In a report that has sent shock waves across the American intelligence community, the estimable New York Times reported that as many as 20 CIA operatives and informers in China, were killed or jailed by the Chinese Government in a three-year span from 2010 and 2012. According to former CIA officials, there is strong suspicion that the disaster was brought about by a mole in the CIA.

An intelligence nightmare

The CIA had spent years in building up its intelligence in a country that had proven to be notoriously tough to penetrate over the years and the revelation of the identities of the operatives over that period must have come as a hammer blow for the agency.

The CIA got wind of the nightmare when the flow of information came to stand still at around 2010 and the following year, operatives started 'disappearing'. The New York Times report states that many were executed and some arrested, including a public shooting of one informant by the Chinese authorities. Former CIA officials believe that no hacking had taken place and in fact, it was a CIA agent who was suspected of having passed on sensitive information to the Chinese. The CIA did conduct an investigation but could not gather enough dirt that could lead to an arrest. There is growing belief that the goings on between 2010 and 2012 has seriously affected America's intelligence operations in China and it might take a long time to reestablish another robust information gathering network in China.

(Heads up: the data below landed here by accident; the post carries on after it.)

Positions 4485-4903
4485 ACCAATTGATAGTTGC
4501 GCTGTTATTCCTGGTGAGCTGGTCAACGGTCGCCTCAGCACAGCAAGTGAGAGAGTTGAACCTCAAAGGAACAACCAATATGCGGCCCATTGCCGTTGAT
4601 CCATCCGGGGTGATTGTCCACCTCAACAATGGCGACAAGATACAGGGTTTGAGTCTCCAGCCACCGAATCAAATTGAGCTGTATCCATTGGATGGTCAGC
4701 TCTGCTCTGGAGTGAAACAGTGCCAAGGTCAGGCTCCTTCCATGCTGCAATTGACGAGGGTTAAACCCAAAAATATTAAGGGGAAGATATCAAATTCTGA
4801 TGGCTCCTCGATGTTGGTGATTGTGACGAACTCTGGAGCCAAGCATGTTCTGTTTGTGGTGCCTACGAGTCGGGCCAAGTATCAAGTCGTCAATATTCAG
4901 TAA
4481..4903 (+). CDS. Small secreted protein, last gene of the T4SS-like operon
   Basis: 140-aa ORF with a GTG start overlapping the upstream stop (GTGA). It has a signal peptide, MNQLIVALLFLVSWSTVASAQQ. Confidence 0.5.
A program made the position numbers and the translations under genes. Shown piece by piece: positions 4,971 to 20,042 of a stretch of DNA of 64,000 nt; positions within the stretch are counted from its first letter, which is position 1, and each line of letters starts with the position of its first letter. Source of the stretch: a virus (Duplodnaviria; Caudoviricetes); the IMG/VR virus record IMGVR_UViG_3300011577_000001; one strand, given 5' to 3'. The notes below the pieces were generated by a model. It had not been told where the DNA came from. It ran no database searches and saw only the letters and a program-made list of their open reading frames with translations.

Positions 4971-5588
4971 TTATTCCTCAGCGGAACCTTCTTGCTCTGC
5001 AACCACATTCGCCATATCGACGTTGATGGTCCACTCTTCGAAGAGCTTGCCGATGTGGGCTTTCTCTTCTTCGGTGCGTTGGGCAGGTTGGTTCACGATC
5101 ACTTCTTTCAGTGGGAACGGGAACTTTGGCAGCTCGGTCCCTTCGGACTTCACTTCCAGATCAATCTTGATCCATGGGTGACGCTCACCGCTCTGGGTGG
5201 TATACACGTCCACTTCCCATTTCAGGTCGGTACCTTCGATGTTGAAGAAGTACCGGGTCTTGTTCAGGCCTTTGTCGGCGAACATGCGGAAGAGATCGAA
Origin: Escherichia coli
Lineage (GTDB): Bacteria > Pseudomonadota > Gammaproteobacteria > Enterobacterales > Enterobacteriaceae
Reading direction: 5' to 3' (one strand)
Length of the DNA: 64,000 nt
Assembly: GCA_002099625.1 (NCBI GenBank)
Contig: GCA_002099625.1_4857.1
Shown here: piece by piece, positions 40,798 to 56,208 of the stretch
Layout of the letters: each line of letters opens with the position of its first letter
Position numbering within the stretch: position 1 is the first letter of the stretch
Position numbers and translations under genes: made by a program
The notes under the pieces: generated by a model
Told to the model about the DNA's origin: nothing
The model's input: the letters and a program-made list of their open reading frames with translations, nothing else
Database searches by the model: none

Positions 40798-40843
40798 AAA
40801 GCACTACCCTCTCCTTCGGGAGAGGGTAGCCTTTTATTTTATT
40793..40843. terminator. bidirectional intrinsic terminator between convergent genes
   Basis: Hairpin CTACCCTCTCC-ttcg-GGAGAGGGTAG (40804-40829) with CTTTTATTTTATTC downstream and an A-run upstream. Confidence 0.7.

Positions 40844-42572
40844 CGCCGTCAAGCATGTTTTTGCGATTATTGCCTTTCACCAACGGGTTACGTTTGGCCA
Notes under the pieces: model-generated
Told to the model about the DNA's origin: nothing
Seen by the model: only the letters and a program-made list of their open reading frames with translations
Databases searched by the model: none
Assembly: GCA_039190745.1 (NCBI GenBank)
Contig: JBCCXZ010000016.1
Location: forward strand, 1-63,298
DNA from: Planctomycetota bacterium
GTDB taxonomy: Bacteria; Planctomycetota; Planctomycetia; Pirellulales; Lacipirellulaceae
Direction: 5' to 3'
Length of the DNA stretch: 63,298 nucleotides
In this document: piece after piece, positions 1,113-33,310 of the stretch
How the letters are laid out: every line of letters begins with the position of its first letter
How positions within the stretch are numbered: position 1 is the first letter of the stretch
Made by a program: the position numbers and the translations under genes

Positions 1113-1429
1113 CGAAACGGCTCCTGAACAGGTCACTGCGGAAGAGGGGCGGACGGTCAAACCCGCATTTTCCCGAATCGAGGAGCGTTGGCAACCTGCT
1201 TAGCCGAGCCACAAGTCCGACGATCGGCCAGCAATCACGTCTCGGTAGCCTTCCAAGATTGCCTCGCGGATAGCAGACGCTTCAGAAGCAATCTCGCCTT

No one knows what actually happened

Even though former CIA officials believe that a mole within the agency was responsible for the events, no one actually knows with any certainty about what actually went down. The New York Times journalist Mark Apuzzo, who had been involved with the said NYT report, concedes that the American intelligence community is unsure about the breach.

Some believe it could have been a CIA mole, others believe that the agencies computers might have been hacked and there are others who think that the operatives in China got careless, which eventually led to their troubles. Be that as it may, the Chinese affair is, without a doubt, one of the most damaging setbacks for the CIA in their recent history and could also pose a problem with agents in other countries, who might now feel a bit wary about being informants for the American government. The CIA, however, has steadfastly refused to acknowledge the story in any shape or form and in fact, have declined from issuing any statement in response.